Survey sheds light on needs of equity-seeking members

A recent survey of UWOFA members provides a clearer picture of equity-seeking groups on campus.

UWOFA surveyed members in November to gather anonymized data on equity-seeking groups with which members may identify. The responses highlighted potential barriers to employment opportunities that may be experienced by groups beyond those already designated by the federal Employment Equity Act (women, Aboriginal peoples, persons with disabilities, and people of colour). The data will be used to inform recommendations on how to update the university’s Employment Equity Guide.

Wendy Pearson, a women’s studies professor, is one of UWOFA’s representatives on the Joint Employment Equity Committee, which is working on updating the guide. Pearson said it is important that the terminology in the guide be updated to specifically mention equity-seeking groups that go beyond the four federally protected categories. For example, in terms of gender, two survey respondents identified as non-binary or agender; one person identified as two-spirit; and one identified as a transgender man.

“That means there are people in the Ontario Human Rights Code protected category around gender identity and gender expression. But because we focus so heavily on the four federally mandated groups, we don’t actually know who else is around who deserves equity and should be being protected in terms of equity,” Pearson explained.

Terminology emerged as a notable issue in the survey for Treena Orchard, co-chair of UWOFA’s Equity Committee which worked with Pearson on the survey. The vast majority of the 226 respondents did not answer the question “What terminology do you prefer when referring to yourself?” Only 30 people indicated their preference, while 196 skipped ahead to the next question.

“Very often people might want to use more than one terminology,” Orchard said. “Many equity-seeking groups often feel like they are being forced to choose, to fit in a box, or just check other, which is beyond vague and really oppressive and it really makes them not included and contributes to the process of erasure.”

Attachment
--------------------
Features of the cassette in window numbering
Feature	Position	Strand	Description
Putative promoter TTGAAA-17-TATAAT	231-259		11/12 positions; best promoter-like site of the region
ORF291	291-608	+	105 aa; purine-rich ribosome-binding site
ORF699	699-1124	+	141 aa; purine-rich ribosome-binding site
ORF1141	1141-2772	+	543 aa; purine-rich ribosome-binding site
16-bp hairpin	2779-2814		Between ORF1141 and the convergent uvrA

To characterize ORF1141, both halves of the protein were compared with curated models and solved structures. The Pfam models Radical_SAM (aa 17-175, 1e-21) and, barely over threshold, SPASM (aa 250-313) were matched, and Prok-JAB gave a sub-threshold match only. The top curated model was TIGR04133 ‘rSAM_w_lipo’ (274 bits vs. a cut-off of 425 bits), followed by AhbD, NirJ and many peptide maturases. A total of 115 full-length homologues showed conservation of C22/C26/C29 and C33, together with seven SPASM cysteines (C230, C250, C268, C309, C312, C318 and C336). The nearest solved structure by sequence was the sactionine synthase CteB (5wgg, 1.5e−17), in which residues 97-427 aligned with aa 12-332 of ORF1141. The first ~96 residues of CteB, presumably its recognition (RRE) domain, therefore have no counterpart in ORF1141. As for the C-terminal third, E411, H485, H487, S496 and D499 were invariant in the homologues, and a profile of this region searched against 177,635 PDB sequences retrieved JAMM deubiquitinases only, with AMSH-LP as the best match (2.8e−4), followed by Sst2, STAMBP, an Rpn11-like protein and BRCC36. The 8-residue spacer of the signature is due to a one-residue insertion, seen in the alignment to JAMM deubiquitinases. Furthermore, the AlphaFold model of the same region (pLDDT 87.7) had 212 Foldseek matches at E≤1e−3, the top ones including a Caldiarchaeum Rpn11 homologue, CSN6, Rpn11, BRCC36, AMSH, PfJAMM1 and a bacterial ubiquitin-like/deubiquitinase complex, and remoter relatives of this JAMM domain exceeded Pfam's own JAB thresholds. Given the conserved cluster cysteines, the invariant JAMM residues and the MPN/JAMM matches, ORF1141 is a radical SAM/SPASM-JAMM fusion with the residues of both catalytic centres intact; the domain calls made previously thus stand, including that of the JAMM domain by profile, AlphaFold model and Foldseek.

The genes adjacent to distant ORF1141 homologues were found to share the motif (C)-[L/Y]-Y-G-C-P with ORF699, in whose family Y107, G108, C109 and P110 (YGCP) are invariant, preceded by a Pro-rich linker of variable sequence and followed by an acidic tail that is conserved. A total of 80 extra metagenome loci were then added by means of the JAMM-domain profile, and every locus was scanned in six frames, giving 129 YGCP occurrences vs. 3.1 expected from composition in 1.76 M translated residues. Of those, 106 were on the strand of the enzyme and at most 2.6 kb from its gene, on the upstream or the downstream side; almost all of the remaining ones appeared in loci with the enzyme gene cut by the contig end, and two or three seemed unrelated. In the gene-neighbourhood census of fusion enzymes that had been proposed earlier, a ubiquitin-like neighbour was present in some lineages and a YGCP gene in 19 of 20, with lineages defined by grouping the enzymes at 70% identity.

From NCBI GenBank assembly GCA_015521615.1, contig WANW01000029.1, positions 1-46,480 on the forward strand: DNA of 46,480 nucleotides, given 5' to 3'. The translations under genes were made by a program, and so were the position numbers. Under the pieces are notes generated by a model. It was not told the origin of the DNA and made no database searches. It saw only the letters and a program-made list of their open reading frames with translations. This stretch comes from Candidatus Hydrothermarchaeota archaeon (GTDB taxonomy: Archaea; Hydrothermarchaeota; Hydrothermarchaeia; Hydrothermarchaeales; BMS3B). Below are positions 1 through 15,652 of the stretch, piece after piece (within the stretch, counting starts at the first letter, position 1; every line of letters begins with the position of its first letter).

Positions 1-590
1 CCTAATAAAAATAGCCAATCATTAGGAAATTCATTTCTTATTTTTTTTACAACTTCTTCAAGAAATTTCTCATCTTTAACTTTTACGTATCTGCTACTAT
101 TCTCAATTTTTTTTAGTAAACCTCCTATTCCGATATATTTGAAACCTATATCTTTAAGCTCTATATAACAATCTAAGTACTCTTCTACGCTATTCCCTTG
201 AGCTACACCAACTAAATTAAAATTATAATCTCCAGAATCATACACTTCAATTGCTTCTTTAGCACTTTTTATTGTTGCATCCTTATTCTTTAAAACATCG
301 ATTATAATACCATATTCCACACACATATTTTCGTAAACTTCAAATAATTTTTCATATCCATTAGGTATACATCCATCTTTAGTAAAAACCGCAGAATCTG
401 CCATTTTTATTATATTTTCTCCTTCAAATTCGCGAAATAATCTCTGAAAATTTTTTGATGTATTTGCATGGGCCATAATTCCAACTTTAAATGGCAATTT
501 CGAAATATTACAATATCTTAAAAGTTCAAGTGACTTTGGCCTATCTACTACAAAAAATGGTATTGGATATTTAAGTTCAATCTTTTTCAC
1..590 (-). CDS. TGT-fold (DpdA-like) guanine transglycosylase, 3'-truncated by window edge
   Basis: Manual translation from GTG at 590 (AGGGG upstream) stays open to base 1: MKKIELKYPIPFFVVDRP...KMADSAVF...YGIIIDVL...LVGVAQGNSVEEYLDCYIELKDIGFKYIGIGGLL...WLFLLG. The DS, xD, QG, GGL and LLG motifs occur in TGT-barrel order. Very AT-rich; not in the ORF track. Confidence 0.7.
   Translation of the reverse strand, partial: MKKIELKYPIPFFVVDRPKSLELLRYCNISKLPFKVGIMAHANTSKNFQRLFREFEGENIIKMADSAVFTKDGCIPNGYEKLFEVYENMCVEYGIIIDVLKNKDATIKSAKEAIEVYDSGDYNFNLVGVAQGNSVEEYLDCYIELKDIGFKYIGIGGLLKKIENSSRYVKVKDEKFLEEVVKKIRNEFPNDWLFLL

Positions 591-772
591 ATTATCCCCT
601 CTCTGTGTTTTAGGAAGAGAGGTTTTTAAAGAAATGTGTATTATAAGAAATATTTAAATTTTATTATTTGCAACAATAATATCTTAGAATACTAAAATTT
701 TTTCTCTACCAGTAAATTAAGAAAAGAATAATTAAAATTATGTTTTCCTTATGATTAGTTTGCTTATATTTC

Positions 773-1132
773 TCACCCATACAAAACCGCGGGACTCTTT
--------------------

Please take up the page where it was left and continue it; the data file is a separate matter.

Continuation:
Respondents were also asked about disability, chronic health and mental health conditions. Of those who have a disability or health condition, 24 said the condition emerged or changed since the start of their career at Western.

The updated Employment Equity Guide is expected to be available in July for the 2021-2022 academic year. It is Pearson’s hope that everyone will be able to find themselves in it for appointments and tenure and promotion processes. Pearson is also using the survey responses to inform her work on the Equity, Diversity, and Inclusion (EDI) subgroup of Western’s next Strategic Plan.

“The survey is just a small step towards thinking about how we might find out the answers that we need to know if we’re actually going to deal with EDI in a knowledgeable fashion, not just an aspirational fashion, but in terms of actually knowing who’s here and what they need,” Pearson said.

“I think there’s a lot of promise for taking (the data) to another level – maybe doing a qualitative component,” Orchard added. “There are a lot of different ways that we can use this as a springboard to enrich our understanding of these really important issues.”

Join Queer Caucus at Western

The Queer Caucus at Western was founded in 2008 by Greta Bauer (Epidemiology and Biostatistics), Susan Knabe (FIMS and Women’s Studies) and WG Pearson (Gender, Sexuality, and Women’s Studies).

Its purpose is to provide an intellectual and social community for LGBTQ2I people at Western, with emphasis on academic work, primarily. However, it has also functioned as a social space, including “Purple Pansy Teas” at the Pride Library and “Beers for Queers” at the Grad Club. Members who wish to organize social events are welcome to do so, but the primary work of the Queer Caucus is to promote relevant talks and events dealing with queer and trans issues and, in concert with the Sexuality and Gender Research Group, to organize and run Queer Research Day, which takes place on the third Wednesday of April every year. 2021 should be the twelfth QRD, but the pandemic meant that QRD 2020 had to be cancelled. We have in the past also sponsored talks at Western with visiting speakers from as far afield as the University of Wollongong in Australia.  

The Queer Caucus, like the Western Caucus on Women’s Issues, is an unofficial group that has no funding or official space on campus and is run entirely by volunteers. It is open to faculty, staff, and graduate students and membership is free. Anyone interested in joining the group can do so by emailing queer-caucus [at] uwo [dot] ca